Country music legend Loretta Lynn, the coal miner’s daughter, captured the America that Alaska Gov. Sarah Palin touches in Lynn’s 1971 hit, “One’s on the Way.” The song contrasts the glitzy world of celebrities with the routine of the ordinary life of a woman in Topeka where: “The rain is a fallin’. The faucet is a drippin’ and the kids are a bawlin’, one of ‘em a toddlin’, and one is a crawlin’. And one’s on the way.”
There is a frustration extant in this country … We can’t make [the government] understand — we can’t make them, the celebrities and insiders, the important people, understand.
That’s what’s most refreshing about Palin. She is one of us. Her family is the one where the rain falls and the faucet drips and, no matter what, the family deals with it. These families go to work every day, send their sons and daughters off to fight the country’s wars, nurse their children through crisis, and walk proudly together to face the troubles that come their way.
I’m fascinated by the idea that someone would cast their vote for a candidate simply because they see themselves reflected in that candidate, irregardless of policy positions or experience. However, I’m not particularly surprised. People are intrinsically drawn to the familiar and that which they can personally relate.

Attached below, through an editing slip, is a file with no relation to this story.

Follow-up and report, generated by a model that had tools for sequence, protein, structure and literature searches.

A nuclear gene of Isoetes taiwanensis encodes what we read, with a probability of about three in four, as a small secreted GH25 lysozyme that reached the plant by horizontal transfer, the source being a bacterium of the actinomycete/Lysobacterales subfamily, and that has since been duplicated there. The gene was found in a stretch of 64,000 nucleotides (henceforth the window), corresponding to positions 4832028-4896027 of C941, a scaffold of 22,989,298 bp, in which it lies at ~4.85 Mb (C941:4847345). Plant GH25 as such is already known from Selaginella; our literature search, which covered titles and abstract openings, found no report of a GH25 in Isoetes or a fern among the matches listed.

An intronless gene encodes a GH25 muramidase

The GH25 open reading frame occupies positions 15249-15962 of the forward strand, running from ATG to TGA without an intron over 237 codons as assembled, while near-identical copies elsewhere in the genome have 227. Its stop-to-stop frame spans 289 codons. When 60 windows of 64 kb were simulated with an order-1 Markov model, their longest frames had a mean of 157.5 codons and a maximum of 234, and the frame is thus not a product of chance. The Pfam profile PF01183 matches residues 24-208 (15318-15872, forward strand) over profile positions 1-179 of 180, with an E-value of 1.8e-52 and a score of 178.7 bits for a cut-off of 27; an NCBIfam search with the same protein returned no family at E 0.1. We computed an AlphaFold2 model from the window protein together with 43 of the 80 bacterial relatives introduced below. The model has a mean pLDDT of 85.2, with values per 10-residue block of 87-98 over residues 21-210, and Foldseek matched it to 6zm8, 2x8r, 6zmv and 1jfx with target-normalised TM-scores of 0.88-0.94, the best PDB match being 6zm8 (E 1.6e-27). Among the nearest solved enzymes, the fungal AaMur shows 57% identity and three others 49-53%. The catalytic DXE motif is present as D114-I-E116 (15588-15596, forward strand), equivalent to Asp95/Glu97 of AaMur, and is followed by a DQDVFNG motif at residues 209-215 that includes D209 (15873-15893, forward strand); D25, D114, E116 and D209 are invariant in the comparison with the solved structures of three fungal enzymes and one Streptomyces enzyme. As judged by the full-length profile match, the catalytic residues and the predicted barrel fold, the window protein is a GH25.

Part of the reason I love country music is because it tells human stories—relatable stories—about love, loss, heartache, family and home. However, I relate to some songs and artists more so than others, and it’s those songs and artists that comprise the core of my country music collection.
The question is whether you need to relate to the song or the artist in order to enjoy (or, more importantly, love) the music?
Do you need to be a woman or a redneck to love Gretchen Wilson’s “Redneck Woman”? Do you need to be a small town southern man to enjoy Alan Jackson’s recent hit? Did you have to grow up on a farm to not feel stupid singing along to Kenny Chesney’s “She Thinks My Tractor’s Sexy”? Do you need to be a teenager to be excited by Taylor Swift’s “Our Song”?
Do you gravitate towards artists to whom you can relate—either personally or musically?